Castle Peak to Hong Kong's Grand Canyon

Updated: May 1

Castle Peak is a popular Hong Kong hike and in its shortest version is only a 2km walk along paved steps to the summit. I've therefore put together this challenging version of the trail that has the option of a steep, off-piste sketchy scramble section, followed by a deceptive trench-like track which guides you to Hong Kong's Grand Canyon. If you time this hike well, you'll be able to reach the mini-grand canyon for an atmospheric sunset with the silhouettes of Shenzhen and Macau visible across the South China Sea.

Hike Location: Tuen Mun, West New Territories

Hike Difficulty: Moderate-Difficult

Hike Length: 3-4 hours

Hike Distance: 9km

Hike Incline: approx. 600m


TIPS: A hiking pole and a torch may prove useful for the second half of the hike


The closest MTR station to the start of this hike is Tuen Mun. From here, head towards Tsing Shan Monastery Path, just off Yeung Tsing Road. This can be reached by a 20 minute walk from the MTR, or by taxi.

Once on the Monastery Path you'll pass a small temple and an archway. Continue along the road until you reach the paved steps and yellow railings. These railings will guide you up most of the way.

Follow the steps left, at the point depicted in photo 7, and then right at photo 8.

The steps are steep and unforgiving so you need to pace yourself. Take time to appreciate the views over Tuen Mun whilst catching your breath.

At roughly half way up, the paved concrete path turns into large stone steps; 5 minutes after this change there is a turn off into the trees and you can just about make out a lightly trodden route that meanders its way up towards the large rocks. This is where you should turn off if you fancy a thrilling rock climb.

Take care on the rocks as they drop off quite steeply (I would only recommend this section if you are a confident climber). Eventually the scramble route rejoins the main trail before bringing you to the pagoda at the top.

Just past the pagoda is a small lookout/exercise area that offers stunning views of Lantau Island and the South China Sea.

When you're ready, the trail continues to the right of the pagoda and you want to head towards the second, smaller radio station.

Once you past the second radio station you'll reach a trig point. This marks the start of a new challenge. The path below the trig point is VERY DECEPTIVE. From afar it looks like a simple clear-cut route, but the word 'trench' is certainly a better-fitting description.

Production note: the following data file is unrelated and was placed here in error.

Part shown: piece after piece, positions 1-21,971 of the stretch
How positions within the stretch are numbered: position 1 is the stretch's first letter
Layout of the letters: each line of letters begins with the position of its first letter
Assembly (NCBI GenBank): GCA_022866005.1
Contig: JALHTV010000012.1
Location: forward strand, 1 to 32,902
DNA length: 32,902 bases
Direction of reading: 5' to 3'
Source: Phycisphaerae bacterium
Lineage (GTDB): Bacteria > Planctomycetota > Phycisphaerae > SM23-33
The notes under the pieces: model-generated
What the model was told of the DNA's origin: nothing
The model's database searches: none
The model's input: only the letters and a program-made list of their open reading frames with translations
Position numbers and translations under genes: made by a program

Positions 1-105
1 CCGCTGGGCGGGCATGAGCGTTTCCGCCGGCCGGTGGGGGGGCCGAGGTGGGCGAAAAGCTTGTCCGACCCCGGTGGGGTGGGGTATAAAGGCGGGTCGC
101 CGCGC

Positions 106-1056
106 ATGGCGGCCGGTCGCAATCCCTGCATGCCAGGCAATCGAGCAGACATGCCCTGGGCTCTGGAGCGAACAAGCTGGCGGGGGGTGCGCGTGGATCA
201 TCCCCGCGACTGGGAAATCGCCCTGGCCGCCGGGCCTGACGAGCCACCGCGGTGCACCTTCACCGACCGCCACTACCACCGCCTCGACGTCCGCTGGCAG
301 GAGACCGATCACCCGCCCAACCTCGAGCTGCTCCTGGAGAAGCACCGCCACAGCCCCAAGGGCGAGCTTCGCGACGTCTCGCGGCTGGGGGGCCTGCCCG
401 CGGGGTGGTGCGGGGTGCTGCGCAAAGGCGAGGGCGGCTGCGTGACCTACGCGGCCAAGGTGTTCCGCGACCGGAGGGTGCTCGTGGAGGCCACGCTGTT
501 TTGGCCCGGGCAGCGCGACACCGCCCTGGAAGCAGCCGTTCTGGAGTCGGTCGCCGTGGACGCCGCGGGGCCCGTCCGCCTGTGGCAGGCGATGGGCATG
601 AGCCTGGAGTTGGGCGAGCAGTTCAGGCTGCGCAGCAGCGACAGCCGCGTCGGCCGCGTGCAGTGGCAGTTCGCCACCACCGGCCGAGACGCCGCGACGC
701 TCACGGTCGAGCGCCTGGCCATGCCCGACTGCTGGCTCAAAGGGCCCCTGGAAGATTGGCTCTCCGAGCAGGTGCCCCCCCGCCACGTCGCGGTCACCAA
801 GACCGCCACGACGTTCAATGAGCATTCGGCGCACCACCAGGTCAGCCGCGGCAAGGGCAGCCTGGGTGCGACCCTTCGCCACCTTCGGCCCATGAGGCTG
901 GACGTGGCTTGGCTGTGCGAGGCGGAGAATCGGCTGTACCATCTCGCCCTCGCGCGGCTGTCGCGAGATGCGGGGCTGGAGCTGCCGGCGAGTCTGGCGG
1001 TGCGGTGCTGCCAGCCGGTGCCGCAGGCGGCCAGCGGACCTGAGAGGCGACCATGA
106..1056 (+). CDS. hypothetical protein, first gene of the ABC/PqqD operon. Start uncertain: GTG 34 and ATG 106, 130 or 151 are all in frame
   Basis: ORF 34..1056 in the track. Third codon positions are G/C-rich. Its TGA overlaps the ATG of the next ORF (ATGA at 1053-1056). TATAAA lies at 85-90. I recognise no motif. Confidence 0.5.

Make sure to leave the trig point whilst you've got at least 1 hour of sunlight left; the pitted path can be slow going at times. You'll eventually reach a paved road which I'm sure will be a huge relief for some. If you follow this road up, you will finally arrive at Hong Kong's mini grand canyon.

Hopefully the weather will be on your side; when we hiked the sky was clear and an atmospheric sunset created a surreal setting unlike any I've experienced in Hong Kong before.

To get back to civilisation simply follow the road all the way back down to Sai Wan Court, this will take you roughly 30 minutes to an hour and will likely be in the dark so I suggest bringing a torch. From Sai Wan Court you can easily catch a taxi back to Tuen Mun MTR Station. Hope you enjoy this challenging version of Castle Peak.


See the route I took on the MAPS below and download the KML file to see the route in Google Earth 3D. The KML file is compatible with both desktop and mobile but will only run if you have the Google Earth app downloaded on your device.

Below is a screenshot from the Google Earth KML file.

Castle Peak to Hong Kong's Grand Canyon
• 89KB

NB: When I classify a hike as 'Difficult', I'm suggesting that someone with an above average level of fitness should be prepared for something adventurous and potentially challenging.


To date, none of the Ventureon Hong Kong trails have been too difficult or dangerous to complete. Rocks in Hong Kong's waterfall systems tend to have good grip, but this can change close to the streams and in heavy rain. Hikes with drop-offs and muddy trails require a heightened level of concentration, especially during the rainy months. If you are unsure, then choose a day with good weather. Always proceed with caution. You know your own limits best.